Oregon Symphony uses new tech in concert for deaf kids
Tuba belches out a brassy baritone.
French horn, he honks. Trombone slinks through the melody.
With Oregon Symphony musicians on the bandstand, it's already an extraordinary performance in an ordinary Portland Public Schools auditorium.
And though it might break the conductor's heart to say it, today, colors carry the tune — swinging high and low, hot and cold — dancing a visual caper across electronic reader boards.
Wow! This concert in Portland allowed deaf and hard of hearing kids to experience Oregon Symphony music, thanks to a collaboration with local nonprofit CymaSpace. Find the full story on news stands today! pic.twitter.com/sXtRspxz0L— Portland Tribune (@ThePortlandTrib) October 3, 2019
The pulsating light displays make music tangible, which is precisely why 300 students from the deaf and hard of hearing community have gathered for a first-ever collaborative concert organized by the symphony and local nonprofit CymaSpace.
"I have faced a lot of barriers in trying to experience music," signed CymaSpace founder Myles de Bastion, according to an interpreter. "I decided to set up my own nonprofit organization to break down those barriers and encourage the art culture and community to be more inclusive."
Students from the Oregon School for the Deaf in Salem and Columbia Regional Program in Portland bused in for the concert at Grout Elementary on Southeast Holgate Boulevard, on Tuesday, Sept. 24. Other pupils attending Tucker Maxon school walked across the street.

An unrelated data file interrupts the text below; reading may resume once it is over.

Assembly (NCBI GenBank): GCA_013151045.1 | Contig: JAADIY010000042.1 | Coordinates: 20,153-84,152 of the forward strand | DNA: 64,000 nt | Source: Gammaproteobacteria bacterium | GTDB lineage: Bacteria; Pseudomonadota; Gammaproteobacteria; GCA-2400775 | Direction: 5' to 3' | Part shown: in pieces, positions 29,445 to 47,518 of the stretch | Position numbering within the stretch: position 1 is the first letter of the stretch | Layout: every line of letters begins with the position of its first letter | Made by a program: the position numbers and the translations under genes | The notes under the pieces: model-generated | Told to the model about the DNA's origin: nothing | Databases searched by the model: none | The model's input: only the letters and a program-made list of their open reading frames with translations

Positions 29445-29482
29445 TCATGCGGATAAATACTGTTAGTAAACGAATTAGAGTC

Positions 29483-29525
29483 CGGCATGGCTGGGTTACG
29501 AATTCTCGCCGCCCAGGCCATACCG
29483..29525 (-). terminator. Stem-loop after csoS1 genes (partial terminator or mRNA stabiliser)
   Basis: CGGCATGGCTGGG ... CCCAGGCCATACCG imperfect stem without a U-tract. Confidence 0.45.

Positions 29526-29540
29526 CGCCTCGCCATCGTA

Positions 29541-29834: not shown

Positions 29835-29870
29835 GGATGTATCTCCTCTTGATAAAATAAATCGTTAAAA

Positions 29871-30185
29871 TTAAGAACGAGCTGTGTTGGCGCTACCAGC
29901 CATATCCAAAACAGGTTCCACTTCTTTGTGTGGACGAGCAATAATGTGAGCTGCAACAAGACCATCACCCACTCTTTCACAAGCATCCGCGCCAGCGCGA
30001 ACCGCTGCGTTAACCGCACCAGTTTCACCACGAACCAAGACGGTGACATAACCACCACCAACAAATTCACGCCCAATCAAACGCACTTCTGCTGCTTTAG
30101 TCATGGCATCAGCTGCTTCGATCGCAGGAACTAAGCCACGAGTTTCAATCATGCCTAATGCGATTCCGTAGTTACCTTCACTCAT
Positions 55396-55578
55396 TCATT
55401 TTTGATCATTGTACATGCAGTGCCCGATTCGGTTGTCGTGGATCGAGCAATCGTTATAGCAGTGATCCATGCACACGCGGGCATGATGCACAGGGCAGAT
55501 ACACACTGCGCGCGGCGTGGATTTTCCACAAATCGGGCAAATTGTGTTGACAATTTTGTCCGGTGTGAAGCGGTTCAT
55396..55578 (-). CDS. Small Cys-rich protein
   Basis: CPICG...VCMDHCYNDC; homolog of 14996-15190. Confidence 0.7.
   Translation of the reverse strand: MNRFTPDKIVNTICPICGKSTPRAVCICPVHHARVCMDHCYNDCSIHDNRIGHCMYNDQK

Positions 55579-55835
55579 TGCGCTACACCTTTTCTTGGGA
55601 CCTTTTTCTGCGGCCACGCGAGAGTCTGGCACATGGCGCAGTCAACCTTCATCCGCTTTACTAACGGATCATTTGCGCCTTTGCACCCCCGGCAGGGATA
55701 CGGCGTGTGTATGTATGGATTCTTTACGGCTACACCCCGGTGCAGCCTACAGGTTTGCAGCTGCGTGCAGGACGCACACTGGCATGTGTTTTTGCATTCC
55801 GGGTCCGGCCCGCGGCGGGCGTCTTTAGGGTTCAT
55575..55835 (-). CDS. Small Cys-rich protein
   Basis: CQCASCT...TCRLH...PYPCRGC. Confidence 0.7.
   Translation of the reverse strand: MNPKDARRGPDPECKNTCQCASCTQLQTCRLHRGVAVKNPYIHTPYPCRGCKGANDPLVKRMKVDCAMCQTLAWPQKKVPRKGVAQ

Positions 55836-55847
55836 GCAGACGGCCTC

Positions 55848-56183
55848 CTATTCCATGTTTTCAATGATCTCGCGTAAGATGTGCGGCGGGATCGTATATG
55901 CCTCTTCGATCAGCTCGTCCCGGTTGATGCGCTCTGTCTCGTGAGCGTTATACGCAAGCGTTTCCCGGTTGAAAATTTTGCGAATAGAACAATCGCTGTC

Glen Gilbert, the executive director of Tucker Maxon, said the schools have varied ideologies about whether deaf students should learn how to sign, speak or a mix of skills.
Despite their differences, seeing all three schools under one roof reminded Gilbert that "there is no wrong way to be deaf."
The brass quintet trotted out a range of selections from high and low culture — think "Contrapunctus" by Johann Sebastian Bach, paired with the theme song from the Mario Bros. video game. Not everyone recognizes the selection of "Maria" from "West Side Story," but you can bet they know "The Imperial March" that introduces Darth Vader.
Small clip-on microphones are attached to the spouts of two trumpets and the other three instruments in the quintet, allowing the notes to be analyzed by a computer program, operated by de Bastion, that tracks the modulations of sound and translates it onto the different projections and light boards.
Joe Berger, who has been playing the French horn for the Oregon Symphony for 31 years, said the recital isn't much different from a performer's perspective. But the instruments might be "a little more separated, a little more articulated."
A director at the symphony, Monica Hayes, said the partnership with CymaSpace had been in the works since August.
"We reach a lot of people in the community," she said, "but we've never reached out to the deaf and hard of hearing community before."
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